Album Title: Rave Tapes
Release Date: January 20th
“Getting out of the house is a challenge.” Mogwai’s Stuart Braithwaite quipped recently in an interview with The Guardian. While this quote is a seemingly inconsequential retort, find listening to Rave Tapes; the latest offering from the prolific post-rock pioneers, thumb you can almost feel a sense of foreboding dread colliding with the cold expectations of reality fitting of such a glib remark. A soundtrack tailor made for self-obsession and overanalyzing, this is an introspective album which takes advantage of the listener, inspiring that paranoia and fear that would make leaving the house a chore. Mogwai’s music has always nested between evocative and repetitively captivating, and Rave Tapes, while an interesting listen, does not stray too far from this recipe.
This isn’t necessarily a bad thing – fans of any band generally want more of what they know they like – but it gives the album a distinct sense of safety. This is an album which understands its listener – and will force them to think about themselves, their fears and how the world bolsters those fears. From the opening moments of ‘Heard About You Last Night, we’re met with an incomprehensible mumble which is succeeded by a lonesome, regimented electronic track to be joined by the human instruments (guitar, bass and drums). It would be easy to overthink the reasoning behind such an opening; but philosophical posturing aside it is undoubtedly a very strong opening track, which gives a glimpse at what’s to come.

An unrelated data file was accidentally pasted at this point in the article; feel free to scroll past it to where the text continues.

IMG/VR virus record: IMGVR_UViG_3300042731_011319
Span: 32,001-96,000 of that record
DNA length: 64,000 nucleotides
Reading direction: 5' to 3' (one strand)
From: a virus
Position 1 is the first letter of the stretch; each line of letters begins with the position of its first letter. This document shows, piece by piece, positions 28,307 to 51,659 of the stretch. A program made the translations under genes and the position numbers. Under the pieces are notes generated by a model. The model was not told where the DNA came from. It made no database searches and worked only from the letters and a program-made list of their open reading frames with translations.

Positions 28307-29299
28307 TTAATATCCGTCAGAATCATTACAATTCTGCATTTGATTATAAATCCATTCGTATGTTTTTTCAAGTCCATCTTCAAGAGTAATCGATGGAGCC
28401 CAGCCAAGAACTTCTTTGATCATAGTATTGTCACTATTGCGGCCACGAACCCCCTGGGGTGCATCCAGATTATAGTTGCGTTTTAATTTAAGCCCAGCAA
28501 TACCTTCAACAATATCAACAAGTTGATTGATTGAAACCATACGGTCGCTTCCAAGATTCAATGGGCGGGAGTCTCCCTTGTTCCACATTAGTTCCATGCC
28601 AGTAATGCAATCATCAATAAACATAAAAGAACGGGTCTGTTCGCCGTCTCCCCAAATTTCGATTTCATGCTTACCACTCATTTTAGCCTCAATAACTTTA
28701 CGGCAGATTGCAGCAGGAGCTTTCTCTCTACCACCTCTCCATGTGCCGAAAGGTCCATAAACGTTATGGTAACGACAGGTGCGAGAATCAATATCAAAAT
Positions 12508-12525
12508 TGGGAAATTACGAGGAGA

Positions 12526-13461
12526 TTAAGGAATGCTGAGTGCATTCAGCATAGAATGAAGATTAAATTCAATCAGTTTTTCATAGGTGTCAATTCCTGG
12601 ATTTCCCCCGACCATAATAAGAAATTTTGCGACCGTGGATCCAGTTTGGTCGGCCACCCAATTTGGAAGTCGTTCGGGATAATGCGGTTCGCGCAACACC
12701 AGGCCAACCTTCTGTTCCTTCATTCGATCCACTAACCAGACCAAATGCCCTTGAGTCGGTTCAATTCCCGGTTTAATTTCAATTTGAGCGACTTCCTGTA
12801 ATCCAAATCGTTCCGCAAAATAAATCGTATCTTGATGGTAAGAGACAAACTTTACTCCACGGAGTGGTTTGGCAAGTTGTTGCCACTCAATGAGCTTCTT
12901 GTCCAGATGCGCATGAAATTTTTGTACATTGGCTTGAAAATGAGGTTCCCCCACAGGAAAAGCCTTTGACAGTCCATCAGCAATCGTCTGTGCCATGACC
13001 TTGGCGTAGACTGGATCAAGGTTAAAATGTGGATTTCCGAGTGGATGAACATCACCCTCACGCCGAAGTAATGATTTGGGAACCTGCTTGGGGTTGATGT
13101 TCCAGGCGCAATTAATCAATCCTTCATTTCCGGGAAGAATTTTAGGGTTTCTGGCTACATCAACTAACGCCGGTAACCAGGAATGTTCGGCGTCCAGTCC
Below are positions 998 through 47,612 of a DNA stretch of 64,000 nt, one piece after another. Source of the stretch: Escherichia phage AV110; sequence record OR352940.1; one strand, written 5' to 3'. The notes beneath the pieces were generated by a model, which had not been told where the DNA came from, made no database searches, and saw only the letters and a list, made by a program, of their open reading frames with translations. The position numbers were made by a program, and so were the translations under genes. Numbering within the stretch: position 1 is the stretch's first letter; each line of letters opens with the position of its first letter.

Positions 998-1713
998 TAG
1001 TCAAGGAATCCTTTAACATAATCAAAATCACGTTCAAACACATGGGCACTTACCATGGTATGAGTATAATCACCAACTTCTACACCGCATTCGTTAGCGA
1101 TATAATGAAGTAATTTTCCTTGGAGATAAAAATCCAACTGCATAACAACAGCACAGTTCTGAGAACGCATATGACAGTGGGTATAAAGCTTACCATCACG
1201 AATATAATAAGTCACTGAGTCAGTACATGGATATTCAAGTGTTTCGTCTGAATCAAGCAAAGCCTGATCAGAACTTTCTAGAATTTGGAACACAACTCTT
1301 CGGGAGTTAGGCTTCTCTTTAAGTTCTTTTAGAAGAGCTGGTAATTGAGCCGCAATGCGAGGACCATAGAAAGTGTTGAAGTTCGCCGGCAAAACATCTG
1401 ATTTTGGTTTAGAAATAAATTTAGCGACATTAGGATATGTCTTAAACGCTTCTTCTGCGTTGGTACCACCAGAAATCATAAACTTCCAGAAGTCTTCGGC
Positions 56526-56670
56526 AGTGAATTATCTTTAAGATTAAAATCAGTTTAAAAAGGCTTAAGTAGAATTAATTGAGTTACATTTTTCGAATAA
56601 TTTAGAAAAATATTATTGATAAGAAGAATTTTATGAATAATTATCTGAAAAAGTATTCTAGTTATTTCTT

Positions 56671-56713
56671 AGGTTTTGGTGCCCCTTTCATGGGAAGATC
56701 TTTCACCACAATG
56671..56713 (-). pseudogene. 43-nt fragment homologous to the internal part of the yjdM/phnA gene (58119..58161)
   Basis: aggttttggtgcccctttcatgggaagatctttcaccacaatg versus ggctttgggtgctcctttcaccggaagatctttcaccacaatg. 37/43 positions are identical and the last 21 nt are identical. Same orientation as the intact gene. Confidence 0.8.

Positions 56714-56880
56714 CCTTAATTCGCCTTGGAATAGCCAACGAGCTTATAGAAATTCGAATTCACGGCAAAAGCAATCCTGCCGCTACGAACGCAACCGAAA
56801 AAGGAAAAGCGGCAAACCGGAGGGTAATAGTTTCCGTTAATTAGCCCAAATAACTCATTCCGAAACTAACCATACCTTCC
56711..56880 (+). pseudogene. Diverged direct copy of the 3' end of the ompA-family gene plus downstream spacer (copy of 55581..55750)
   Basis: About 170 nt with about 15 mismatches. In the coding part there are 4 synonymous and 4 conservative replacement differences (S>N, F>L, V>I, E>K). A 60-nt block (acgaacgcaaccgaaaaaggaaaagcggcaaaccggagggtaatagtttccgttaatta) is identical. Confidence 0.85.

Rave Tapes is an album that looks fondly at Mogwai’s past works – it isn’t a case of deviation, but of addition. This is Mogwai’s most sizeable experimentation with synth and electronic music; but it hasn’t replaced anything. The marauding basslines are still there, as are the simmering guitar tracks which only increase in intensity until the boil over. The album seamlessly melds these two musical worlds. When the marriage of synth and more traditional instruments feels uneasy, it has a purpose; to impart that same uneasy feeling onto the listener. It does this with varying effectiveness throughout the album. However; it’s easy to see that the highest points of the album are when the synth and traditional instruments are simpatico. The best example of this, which also happens to be the greatest deviation from previous Mogwai outings, is the album’s first single Remurdered, which sounds like it belongs on the Halloween soundtrack.
The album does have its weird points though. The album’s midway point ‘Repelish’ is a four minute spoken word piece about a conspiracy theory surrounding Led Zeppelin’s ‘Stairway to Heaven’ set to a disconcerting backing track. Mogwai have used spoken word to great success in the past, but its inclusion here is questionable. This being said, as the album started on a high note, it finishes on an unquestionable apotheosis. The second single of the album – ‘The Lord is Out Of Control’ rounds out this subversive hour long album that never exceeds its creative reach.
Coire Mc Crystall